Published February 1, 2018
As the old Icelandic proverbs go: “smite waits for no man” and “the smiting horde gathers no volcanic moss.” With this in mind, the Icelandic men’s national football team continued to warm up for their inevitable World Cup win this year by casually plundering the nation of Indonesia, population 261m. For more on this, and other stories from inside the Iceland camp, here’s our rundown of all the latest smiting news.
On January 11th, the Icelandic men’s national football team inflicted a mighty thrashing on Indonesia’s select XI recently in an “unfriendly” pre-World Cup run out. Amidst rumours that the selected XI in question would be nine rhinoceroses in defence, an elephant in goal, and a tiger up front, in the end, the opposition turned out to be just eleven hapless Indonesian footballers.
Iceland ran riot on a pitch flooded by the tears of the Indonesian nation, netting six times against the home side. Shot after flaming shot was smashed into the enemy goal until it was just two smouldering, smashed, smoking posts with a gibbering, wild-eyed goalkeeper rolling around in the wreckage muttering about the coming of a new ice age.
In the second game on January 14th, Iceland smote the actual national football team of Indonesia 4-1, with 20-year-old stripling warlord Albert “The Shin Splinterer” Guðmundsson battering in a mighty hat trick. As previously reported, Albert is the latest product of a footballing dynasty that reaches back to Iceland’s very first professional footballer, Albert Guðmundsson, who was Arsenal FC’s second ever foreign signing way back in 1946, and went on to play for AC Milan. Smiting, it seems, runs in the family.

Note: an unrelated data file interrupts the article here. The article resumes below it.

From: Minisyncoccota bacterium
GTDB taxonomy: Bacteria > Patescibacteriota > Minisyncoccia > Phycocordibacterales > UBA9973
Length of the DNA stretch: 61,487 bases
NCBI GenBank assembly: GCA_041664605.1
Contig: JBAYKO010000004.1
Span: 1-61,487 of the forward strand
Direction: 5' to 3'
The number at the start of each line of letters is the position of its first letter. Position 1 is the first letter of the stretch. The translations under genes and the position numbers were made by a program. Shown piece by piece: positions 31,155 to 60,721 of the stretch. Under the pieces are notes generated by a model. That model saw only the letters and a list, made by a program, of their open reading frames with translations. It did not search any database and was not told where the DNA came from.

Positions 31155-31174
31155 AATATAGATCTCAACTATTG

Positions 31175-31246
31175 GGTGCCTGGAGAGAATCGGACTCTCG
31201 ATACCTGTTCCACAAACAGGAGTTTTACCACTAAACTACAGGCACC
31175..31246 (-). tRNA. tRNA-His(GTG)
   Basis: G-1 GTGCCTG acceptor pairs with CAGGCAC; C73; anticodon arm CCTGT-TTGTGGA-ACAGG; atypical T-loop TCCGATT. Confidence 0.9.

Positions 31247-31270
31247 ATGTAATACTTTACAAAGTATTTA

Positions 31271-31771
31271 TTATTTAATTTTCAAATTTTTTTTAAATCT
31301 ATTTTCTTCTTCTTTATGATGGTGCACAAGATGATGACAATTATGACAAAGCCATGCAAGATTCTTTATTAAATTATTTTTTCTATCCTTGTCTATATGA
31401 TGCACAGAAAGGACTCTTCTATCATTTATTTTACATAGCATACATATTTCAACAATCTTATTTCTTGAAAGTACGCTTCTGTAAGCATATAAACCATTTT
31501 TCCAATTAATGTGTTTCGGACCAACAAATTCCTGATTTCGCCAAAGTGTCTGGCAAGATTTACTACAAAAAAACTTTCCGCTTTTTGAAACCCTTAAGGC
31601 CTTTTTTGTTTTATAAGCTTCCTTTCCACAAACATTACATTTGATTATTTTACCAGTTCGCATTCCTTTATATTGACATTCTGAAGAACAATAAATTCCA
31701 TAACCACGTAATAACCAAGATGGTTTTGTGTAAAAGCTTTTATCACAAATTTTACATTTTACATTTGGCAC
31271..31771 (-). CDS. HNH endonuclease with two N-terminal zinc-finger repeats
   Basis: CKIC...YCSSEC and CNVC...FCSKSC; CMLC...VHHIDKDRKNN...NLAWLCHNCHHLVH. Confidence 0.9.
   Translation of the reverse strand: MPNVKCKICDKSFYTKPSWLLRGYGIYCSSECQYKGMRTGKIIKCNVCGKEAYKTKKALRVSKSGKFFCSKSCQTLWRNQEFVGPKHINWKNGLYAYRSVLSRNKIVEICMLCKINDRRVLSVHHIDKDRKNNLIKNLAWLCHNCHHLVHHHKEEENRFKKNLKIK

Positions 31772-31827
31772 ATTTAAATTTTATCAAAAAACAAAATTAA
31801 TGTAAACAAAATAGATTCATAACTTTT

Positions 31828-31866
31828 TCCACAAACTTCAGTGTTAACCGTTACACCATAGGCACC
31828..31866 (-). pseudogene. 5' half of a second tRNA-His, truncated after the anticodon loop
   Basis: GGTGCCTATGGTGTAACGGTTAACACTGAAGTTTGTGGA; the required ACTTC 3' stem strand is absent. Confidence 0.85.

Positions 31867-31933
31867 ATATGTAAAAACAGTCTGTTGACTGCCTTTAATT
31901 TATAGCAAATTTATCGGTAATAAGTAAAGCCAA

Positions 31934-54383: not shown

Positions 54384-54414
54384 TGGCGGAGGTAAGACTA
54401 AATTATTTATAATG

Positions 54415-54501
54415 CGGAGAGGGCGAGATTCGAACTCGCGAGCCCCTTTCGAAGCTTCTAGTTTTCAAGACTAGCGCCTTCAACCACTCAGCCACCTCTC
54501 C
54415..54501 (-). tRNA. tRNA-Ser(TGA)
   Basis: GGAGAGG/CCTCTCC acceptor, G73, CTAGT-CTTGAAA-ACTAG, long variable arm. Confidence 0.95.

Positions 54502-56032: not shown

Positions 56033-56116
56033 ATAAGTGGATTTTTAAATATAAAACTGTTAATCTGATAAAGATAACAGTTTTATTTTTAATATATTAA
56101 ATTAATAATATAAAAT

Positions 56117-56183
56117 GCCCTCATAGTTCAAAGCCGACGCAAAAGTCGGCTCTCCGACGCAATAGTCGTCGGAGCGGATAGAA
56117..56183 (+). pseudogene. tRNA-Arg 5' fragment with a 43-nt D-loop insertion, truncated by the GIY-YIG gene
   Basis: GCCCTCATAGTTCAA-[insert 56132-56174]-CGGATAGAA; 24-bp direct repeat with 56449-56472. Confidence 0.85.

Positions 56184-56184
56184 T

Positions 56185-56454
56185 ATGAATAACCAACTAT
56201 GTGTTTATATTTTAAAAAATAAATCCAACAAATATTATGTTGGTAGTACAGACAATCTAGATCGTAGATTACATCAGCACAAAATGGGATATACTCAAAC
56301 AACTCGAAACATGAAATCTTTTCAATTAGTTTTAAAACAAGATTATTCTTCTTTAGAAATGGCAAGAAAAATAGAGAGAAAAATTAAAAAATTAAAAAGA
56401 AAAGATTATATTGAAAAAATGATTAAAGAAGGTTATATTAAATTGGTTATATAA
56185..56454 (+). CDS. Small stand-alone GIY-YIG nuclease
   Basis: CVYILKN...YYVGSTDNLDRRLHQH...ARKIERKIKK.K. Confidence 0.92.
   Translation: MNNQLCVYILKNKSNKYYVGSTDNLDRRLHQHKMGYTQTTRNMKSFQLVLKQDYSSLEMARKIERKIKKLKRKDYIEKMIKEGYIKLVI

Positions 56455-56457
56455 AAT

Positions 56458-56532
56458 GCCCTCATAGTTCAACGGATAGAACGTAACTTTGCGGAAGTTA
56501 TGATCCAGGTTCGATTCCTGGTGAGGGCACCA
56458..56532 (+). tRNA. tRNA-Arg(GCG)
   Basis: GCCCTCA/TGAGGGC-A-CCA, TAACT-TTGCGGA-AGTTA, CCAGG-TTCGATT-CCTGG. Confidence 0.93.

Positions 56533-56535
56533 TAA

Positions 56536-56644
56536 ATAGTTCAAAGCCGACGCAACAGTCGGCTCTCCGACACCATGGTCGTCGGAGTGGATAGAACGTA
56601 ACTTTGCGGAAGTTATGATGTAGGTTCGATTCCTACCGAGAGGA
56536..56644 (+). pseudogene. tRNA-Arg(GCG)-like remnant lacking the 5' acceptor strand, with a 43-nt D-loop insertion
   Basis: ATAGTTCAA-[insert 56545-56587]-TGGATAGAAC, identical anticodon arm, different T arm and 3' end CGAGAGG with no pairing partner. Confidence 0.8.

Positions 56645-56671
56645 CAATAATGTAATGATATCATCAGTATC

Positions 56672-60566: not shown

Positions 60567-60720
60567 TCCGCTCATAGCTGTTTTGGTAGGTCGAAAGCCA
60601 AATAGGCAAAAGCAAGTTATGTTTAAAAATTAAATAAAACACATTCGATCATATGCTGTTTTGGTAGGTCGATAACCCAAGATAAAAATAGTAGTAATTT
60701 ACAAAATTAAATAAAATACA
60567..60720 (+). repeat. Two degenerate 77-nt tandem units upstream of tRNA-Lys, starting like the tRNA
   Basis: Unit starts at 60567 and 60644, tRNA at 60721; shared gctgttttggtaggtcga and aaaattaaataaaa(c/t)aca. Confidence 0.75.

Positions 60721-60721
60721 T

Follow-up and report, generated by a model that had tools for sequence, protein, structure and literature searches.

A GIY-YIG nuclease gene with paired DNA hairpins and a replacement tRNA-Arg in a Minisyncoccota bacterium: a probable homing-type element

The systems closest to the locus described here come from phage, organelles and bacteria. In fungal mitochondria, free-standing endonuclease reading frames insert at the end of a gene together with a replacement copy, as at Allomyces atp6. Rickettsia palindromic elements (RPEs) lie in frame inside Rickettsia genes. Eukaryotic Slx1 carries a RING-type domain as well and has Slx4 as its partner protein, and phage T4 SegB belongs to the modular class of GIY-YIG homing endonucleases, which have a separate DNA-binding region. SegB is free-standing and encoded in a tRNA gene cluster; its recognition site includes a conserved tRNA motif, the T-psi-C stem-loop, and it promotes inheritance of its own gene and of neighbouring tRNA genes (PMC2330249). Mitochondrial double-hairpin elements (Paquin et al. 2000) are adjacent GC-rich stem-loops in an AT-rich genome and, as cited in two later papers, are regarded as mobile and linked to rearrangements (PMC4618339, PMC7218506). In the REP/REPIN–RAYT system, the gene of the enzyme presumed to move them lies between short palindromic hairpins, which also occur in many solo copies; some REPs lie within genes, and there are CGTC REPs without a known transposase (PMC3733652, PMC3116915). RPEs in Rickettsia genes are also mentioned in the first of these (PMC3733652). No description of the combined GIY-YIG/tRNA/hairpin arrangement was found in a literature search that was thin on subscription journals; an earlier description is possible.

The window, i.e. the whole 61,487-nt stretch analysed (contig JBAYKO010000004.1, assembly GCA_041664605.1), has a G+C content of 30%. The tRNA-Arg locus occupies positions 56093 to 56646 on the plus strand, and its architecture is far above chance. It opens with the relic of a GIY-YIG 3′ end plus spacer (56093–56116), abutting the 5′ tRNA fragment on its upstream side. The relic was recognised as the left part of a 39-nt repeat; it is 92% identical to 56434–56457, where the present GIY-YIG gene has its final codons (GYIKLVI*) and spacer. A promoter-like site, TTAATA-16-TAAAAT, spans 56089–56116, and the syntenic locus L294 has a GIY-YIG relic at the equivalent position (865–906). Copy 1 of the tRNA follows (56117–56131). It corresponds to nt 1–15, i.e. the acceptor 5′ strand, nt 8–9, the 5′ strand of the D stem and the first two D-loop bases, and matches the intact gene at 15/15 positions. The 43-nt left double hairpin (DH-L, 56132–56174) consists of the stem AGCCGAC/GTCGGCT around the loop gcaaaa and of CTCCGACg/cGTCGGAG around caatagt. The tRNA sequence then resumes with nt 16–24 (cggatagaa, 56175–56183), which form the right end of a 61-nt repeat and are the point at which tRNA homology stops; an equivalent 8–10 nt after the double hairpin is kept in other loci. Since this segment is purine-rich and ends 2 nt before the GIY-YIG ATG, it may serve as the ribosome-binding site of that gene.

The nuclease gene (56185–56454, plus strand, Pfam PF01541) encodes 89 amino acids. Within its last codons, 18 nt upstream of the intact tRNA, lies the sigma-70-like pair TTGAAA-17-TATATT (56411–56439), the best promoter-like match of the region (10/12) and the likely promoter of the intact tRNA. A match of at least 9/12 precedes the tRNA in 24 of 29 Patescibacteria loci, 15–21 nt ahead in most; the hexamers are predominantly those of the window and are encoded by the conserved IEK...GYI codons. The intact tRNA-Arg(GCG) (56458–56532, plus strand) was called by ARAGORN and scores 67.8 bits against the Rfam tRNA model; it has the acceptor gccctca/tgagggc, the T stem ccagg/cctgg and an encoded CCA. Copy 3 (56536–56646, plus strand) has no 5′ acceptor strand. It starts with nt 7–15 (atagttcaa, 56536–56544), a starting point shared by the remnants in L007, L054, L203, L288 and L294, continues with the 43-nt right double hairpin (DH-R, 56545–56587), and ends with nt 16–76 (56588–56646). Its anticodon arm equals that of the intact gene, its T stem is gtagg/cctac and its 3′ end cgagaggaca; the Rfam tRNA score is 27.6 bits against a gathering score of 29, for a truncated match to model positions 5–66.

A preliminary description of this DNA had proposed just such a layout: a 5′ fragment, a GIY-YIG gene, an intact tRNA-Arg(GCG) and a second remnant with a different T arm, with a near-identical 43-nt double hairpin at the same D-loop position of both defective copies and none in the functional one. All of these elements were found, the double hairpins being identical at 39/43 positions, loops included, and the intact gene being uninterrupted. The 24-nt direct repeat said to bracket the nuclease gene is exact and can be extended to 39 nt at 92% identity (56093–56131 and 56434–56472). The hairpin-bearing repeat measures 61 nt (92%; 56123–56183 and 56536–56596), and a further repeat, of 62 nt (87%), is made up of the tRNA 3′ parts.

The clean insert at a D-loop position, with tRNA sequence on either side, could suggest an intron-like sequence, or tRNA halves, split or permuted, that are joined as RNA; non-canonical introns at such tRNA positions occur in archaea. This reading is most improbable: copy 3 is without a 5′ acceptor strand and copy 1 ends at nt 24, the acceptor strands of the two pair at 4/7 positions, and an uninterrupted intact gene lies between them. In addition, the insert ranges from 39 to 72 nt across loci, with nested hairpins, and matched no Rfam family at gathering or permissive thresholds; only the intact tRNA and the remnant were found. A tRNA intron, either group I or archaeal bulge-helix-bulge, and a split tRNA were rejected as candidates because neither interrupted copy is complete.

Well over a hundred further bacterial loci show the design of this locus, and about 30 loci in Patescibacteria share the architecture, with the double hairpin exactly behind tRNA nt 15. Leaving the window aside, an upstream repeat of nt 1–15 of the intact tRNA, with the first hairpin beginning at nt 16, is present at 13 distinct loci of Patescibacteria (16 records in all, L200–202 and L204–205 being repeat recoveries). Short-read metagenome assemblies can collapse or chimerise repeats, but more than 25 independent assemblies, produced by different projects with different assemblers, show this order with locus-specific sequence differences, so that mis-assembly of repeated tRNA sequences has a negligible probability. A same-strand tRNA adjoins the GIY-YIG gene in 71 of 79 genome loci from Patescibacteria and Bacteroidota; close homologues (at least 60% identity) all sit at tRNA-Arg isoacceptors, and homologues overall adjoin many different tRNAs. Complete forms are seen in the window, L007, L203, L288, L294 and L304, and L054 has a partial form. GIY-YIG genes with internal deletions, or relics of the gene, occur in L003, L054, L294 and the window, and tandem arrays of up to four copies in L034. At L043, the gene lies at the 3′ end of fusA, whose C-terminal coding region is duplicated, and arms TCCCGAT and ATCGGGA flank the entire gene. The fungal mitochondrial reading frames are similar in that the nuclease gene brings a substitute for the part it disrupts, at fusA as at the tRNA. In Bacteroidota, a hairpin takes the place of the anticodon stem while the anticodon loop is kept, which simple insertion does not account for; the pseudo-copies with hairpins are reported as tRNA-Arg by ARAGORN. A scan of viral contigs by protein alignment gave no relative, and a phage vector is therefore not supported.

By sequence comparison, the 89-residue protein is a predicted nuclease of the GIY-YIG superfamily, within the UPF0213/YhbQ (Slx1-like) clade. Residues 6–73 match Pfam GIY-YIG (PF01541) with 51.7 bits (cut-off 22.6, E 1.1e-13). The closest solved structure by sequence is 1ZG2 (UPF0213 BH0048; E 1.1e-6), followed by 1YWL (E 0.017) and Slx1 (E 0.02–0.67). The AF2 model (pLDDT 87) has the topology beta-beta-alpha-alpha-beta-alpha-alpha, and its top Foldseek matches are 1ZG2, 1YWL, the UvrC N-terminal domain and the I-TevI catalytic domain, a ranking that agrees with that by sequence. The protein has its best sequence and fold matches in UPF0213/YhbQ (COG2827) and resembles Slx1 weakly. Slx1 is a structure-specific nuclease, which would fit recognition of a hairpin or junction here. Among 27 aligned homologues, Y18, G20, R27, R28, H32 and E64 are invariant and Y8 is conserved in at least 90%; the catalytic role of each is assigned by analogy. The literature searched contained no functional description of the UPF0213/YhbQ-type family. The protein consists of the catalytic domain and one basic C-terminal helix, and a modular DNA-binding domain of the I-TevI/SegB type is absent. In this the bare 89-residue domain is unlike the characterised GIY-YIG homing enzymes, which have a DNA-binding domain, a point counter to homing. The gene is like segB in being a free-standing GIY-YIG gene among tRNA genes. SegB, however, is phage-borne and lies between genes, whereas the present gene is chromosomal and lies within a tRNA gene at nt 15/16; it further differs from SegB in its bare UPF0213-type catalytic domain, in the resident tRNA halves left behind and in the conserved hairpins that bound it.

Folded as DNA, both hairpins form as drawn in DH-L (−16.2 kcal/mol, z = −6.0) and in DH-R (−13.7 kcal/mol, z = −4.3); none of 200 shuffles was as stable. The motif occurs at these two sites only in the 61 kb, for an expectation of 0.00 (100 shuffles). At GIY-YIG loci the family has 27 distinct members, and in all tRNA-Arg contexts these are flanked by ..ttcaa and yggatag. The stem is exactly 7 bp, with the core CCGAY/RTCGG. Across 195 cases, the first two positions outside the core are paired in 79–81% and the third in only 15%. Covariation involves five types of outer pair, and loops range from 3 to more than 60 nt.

In the Siberian town of Oymyakon, located 3,300km east of Moscow, temperatures dropped to -62°C this week—colder than the average equatorial temperature on the surface of the planet Mars. Staring up wild-eyed and frozen-lash’d into the freezing, churning maelstrom that settled over the town, locals reported hearing giant beating wings and a terrible screeching ringing down through the sky, and seeing a giant horn-helmeted head peering down over the town. As one local mage grimly muttered: “The ice age cometh. We are all doomed.”
After the Indonesia raid, and this powerful new omen, Iceland are firmly on track to humble Argentina—and their twinkle-toed tackle-and-tax-dodging ballerina Lionel Messi—in the World Cup group stages. Victory is certain, having been seen written in the entrails of smited enemies, so the horde are currently chilling and downing a few meads before setting their mind to the task ahead.
That said, it does sound like a strategy might be in the offing. “We haven’t planned how to stop him,” said assistant manager Helgi “The Reykjavík Reaver” Kolviðsson. “But we’ve played against a lot of other good players too, and we work as a team—that is our strength.” So, to read between the lines, the Icelandic defence may crush Lionel the same gruesomely effective way that The Mountain (literally) crushed Prince Oberyn in Game of Thrones, while captain Aron distracts the ref with his beard full of confusing magic. Easy.
After replacing dishevelled hasn’t-been Glenn Whelan at half-time against Nottingham Forest on January 13th, the young Icelandic buck, Birkir Bjarnason, finally showed Aston Villa fans what he’s all about. Many Villans took to social media to praise Bjarki’s galloping performance after a frustrating spell at the Birmingham club, but it seems they may have already seen the last of him. With Serie A club SPAL reportedly interested, regular minutes would benefit Bjarki before the World Cup, where the blonde bombshell will be hoping to get on the scoresheet, as he did against Portugal in Euro 2016.
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